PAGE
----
What I do remember is the amazement and fear that I felt. I had seen something from another world. It was thrilling but scary. Would we see alien creatures next? That thought terrified me. My brother and our neighbor felt the same way; our neighbor's parents were out and he refused to go home until they came back later that night. I seem to recall being afraid that something would look in my bedroom window (even though I slept on the second floor). I suppose I can understand why the witness in East Baldwin felt sick and uneasy, even if a force field was not present.

We were quite young (I was only in elementary school, if not kindergarten) and the media was full of UFO stories at the time. It's no wonder we were freaked out. Did we really just see a falling star? A lone bottle rocket? A very silent helicopter? It could have been any of those things, or maybe it was something else entirely. It truly was unidentified.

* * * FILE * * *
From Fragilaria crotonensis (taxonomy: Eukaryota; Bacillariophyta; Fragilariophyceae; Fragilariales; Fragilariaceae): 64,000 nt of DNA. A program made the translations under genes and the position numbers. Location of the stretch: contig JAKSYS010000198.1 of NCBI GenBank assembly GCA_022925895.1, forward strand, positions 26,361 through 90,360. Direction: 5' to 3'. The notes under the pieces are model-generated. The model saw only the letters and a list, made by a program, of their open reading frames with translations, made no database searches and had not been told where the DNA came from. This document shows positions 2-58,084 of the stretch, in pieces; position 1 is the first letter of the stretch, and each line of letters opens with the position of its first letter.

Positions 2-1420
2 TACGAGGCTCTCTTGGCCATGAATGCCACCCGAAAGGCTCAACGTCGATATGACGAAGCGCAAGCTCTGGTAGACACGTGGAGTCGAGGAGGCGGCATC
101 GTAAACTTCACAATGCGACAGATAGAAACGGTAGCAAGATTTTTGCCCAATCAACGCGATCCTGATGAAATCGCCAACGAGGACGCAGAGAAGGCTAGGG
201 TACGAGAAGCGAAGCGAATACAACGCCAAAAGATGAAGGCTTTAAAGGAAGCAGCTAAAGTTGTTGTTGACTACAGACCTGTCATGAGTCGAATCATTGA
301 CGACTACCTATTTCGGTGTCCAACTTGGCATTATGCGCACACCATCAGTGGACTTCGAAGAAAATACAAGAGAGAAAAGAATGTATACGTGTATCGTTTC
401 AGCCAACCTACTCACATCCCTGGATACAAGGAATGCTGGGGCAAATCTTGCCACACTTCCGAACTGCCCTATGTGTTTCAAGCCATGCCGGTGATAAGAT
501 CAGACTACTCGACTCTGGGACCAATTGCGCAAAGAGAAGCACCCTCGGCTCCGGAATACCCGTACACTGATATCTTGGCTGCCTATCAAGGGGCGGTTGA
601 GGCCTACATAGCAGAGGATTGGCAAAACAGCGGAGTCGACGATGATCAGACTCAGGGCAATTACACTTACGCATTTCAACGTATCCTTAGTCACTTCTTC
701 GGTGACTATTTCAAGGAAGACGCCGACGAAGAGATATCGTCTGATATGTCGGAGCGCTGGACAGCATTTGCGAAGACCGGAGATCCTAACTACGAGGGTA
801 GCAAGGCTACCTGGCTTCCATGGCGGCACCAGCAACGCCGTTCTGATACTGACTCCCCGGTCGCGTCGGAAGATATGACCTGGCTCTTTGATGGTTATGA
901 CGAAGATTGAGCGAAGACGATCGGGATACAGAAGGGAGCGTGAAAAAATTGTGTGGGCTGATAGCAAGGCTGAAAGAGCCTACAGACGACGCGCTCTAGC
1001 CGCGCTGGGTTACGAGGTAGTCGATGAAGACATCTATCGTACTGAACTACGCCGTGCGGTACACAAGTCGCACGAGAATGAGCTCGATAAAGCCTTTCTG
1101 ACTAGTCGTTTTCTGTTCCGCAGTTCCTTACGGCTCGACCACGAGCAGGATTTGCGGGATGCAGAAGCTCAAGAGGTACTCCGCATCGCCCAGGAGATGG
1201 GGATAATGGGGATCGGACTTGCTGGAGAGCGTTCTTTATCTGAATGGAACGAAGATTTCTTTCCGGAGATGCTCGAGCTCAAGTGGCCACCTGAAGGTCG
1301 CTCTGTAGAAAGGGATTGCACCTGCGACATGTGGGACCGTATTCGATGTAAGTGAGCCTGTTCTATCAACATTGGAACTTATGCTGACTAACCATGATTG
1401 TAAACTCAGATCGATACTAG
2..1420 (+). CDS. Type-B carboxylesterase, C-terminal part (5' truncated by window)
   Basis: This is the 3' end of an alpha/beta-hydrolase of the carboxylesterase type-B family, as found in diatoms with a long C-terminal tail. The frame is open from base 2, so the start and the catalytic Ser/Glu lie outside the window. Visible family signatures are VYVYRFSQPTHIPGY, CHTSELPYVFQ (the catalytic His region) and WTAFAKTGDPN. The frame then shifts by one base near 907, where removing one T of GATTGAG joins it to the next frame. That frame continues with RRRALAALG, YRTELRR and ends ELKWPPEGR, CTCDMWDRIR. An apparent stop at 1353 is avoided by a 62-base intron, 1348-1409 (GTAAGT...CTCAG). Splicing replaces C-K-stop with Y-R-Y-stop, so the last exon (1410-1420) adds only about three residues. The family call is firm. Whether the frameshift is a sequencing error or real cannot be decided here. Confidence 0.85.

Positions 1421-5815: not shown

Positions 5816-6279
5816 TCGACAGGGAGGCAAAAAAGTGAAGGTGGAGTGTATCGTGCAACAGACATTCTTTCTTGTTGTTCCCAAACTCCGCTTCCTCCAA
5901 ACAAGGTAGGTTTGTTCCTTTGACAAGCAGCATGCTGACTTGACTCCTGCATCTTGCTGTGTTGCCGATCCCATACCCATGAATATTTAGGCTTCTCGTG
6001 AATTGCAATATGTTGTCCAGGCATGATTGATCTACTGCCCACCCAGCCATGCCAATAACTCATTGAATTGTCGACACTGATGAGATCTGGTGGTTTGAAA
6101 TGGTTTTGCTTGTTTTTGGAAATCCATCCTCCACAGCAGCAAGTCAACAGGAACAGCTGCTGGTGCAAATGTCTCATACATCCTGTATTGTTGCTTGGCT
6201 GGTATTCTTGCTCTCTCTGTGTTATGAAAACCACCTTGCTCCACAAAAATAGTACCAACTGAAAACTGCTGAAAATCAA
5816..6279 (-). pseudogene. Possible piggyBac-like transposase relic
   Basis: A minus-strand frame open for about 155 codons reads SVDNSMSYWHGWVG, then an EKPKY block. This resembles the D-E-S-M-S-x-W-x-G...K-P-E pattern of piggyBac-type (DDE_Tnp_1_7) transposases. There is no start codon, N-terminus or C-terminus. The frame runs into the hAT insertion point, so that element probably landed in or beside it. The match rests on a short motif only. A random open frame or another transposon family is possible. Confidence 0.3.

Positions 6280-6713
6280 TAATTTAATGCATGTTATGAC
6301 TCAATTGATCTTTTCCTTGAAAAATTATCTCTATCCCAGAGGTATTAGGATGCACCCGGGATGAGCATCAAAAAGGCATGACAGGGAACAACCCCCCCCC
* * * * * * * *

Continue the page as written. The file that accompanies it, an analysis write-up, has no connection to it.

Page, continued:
People have been seeing strange lights in the night sky since history began. In the past they might have been explained as gods, angels, ghosts, or special omens. Astronomy can now explain most of the things we see in the sky, but every now and then something still manages to slip through the cracks of rationality to remind us of the great mysteries that lurk out in the universe.

December 28, 2016

Was 2016 The Year of The Witch?

This year is grinding to a close, so I thought I'd see what stories on this blog from 2016 were the most widely read.